Could the U.S. benefit from a national green bank?

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A number of senators and representatives led by Sen. Chris Murphy (D-Conn.) and Rep.Elizabeth Esty (D-Conn.) have cosponsored The Green Bank Act of 2017 (PDF) (S. 1406. H.R. 2995). The act is expected to support the establishment of a national green bank capitalized with $10 billion in treasury-issued green bonds. This is the third time legislators have proposed it.

Extensive compromises have surrounded the history of this idea at the federal level. Some decision makers have sought to limit the ability of the proposed bank to interact directly with stakeholders. They have preferred a solution involving a middleman at the state or local level.

Legislators also have expressed skepticism about whether a green bank requires the creation of more government bureaucracy to fulfill functions that would best be addressed by the private market.

The question of whether this bank could fund nuclear power also has been controversial.


In 2009, a national green bank was first brought up as part of some broader energy reforms and legislation (The American Clean Energy and Security Act of 2009). It did not make the cut, as it passed through the lower House but was unable to make it through the Senate.

Then, the Green Bank Act of 2014 was introduced as a standalone act by Sen. Chris Van Hollen (D-Md.). At the time, Senate co-sponsors included Murphy and Sen. Richard Blumenthal (D-Conn.). By this time, the concept of a quasi–public financing institution focusing on clean-energy projects had taken off. A number of states had taken the initiative to pass legislation setting up similar institutions.

Fast-forward to July 2016. Van Hollen was again at the forefront of the campaign to get the act to sail through Congress with the introduction of H.R. 5802, the United States Green Bank Act of 2016. In September, Murphy introduced a companion bill to the Senate (S. 3382).

Late last month, Esty and Murphy, with co-sponsors from across the country, reintroduced H.R. 2995 and S. 1406, The Green Bank Act of 2017, an updated version of the 2014 and 2016 proposals.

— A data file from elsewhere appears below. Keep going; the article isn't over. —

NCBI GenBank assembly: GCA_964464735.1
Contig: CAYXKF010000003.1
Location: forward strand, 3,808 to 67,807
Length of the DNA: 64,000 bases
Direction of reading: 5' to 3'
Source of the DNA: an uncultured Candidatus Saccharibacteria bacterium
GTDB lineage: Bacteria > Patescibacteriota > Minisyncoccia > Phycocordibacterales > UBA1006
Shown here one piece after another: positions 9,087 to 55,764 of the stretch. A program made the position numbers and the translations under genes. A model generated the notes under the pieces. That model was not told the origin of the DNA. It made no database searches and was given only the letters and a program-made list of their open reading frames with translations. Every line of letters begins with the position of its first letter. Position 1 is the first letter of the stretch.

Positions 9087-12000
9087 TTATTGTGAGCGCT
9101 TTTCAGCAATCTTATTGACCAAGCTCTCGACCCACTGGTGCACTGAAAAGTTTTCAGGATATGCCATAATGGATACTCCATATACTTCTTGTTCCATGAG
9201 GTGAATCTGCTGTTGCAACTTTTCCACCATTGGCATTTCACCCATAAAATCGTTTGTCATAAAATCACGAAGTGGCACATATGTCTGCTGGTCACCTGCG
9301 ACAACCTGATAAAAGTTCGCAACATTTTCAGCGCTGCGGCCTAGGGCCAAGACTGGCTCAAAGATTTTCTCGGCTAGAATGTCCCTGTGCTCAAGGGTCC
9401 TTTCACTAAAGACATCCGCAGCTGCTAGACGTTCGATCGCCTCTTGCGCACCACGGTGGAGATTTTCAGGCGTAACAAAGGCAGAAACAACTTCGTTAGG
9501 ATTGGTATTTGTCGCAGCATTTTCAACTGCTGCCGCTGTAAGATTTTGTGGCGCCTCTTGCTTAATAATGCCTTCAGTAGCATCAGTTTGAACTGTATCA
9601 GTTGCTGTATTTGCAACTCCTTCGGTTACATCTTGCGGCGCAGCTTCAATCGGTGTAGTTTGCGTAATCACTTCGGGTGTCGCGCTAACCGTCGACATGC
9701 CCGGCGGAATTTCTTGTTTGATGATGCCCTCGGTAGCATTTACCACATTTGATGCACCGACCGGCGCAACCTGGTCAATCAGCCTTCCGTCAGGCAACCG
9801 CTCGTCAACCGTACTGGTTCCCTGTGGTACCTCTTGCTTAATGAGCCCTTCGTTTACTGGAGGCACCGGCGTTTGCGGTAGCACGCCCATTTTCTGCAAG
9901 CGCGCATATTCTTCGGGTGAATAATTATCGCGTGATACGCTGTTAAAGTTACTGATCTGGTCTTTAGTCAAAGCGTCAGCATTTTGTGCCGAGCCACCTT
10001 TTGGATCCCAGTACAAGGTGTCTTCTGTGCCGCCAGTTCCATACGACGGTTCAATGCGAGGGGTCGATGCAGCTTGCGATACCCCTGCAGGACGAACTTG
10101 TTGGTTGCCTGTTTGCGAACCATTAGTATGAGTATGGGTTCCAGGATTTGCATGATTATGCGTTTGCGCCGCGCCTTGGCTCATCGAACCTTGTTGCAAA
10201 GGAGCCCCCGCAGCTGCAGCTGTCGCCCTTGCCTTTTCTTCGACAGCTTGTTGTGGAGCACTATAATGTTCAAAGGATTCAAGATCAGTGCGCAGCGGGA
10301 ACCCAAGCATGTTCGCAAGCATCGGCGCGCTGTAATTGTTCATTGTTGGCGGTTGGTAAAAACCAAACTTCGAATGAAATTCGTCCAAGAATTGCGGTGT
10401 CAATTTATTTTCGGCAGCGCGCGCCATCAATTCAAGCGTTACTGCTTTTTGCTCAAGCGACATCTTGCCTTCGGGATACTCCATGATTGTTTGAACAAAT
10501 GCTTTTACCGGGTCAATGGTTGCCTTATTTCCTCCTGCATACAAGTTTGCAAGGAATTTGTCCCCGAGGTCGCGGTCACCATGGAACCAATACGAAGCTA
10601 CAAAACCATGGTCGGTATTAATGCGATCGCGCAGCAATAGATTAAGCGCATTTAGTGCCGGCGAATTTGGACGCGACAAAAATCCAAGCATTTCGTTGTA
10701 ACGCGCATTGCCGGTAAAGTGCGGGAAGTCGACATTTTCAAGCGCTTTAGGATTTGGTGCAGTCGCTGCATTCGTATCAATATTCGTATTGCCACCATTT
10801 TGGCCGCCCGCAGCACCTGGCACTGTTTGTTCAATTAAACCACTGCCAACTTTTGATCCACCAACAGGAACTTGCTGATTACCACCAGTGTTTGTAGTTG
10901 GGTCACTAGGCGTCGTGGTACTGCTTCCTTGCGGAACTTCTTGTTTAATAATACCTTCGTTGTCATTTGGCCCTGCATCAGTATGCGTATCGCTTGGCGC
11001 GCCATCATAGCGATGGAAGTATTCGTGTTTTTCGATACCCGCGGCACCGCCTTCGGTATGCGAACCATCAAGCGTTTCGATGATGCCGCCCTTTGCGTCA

This bank initially was conceived as a national bank with an initial capitalization of $10 billion and a mandate to underwrite and provide a comprehensive range of financing support to qualifying clean-energy projects and clean-energy-financing institutions. A number of changes have since taken place which redefine the objectives of the bank, limit the mechanisms available to it and set the level of risk it can underwrite.

A key change made in 2016 took away the bank’s ability to directly finance projects. Instead of that, the bank would be able to lend only to state or municipal green banks or clean-energy-financing authorities that meet certain criteria. These local institutions would then directly underwrite qualifying projects.

Another major change involved adjusting the lending limits to state clean-energy-financing authorities. Previously the limit to individual institutions capped at $500 million, the current bill seeks to peg this lending at 20 percent of the initial funding requirements of the institutions.

The most recent version of the legislation also removes nuclear-energy projects from the definition of "Qualified Clean Energy Projects" that are eligible for funding.

Some of these changes reflect the constantly changing clean-energy-financing landscape and the evolving role of the green banks in soliciting and leveraging private capital. In 2009, when the idea originally was conceived, just one state had a green bank. Now, about eight such institutions exist across the country. Notable success stories have taken place in Connecticut and New York.

However, stakeholders may be getting worried about the delays in the passage of this critical legislation. They also may be concerned that the eventual impact of the act on the initial objectives of job creation and growth might be limited.

Gathering cross-party support has been challenging, Murphy said during an interview with Clean Energy Finance Forum last year. He said the Republican argument was that "the private market can fill this [financing] gap adequately."

The recent reintroduction appears to be facing some headwinds given the current administration’s energy policy priorities, which do not tend to favor clean energy. That same month, the president announced that the United States would be pulling out of the Paris Agreement.

It remains to be seen how the Paris Agreement decision may affect the prospects for clean energy in the United States. The domestic solar industry’s growth has slowed this year. But much of that challenge is attributable to financial roadblocks encountered by individual solar companies. It is unclear to what extent net-metering controversies at the state level have affected the growth of the industry.

Energy-efficiency investment has not taken off at a rapid rate the way that solar investment has. A national green bank might accelerate the expansion of both of these markets.

Note: Esty's spouse is employed at Yale University.

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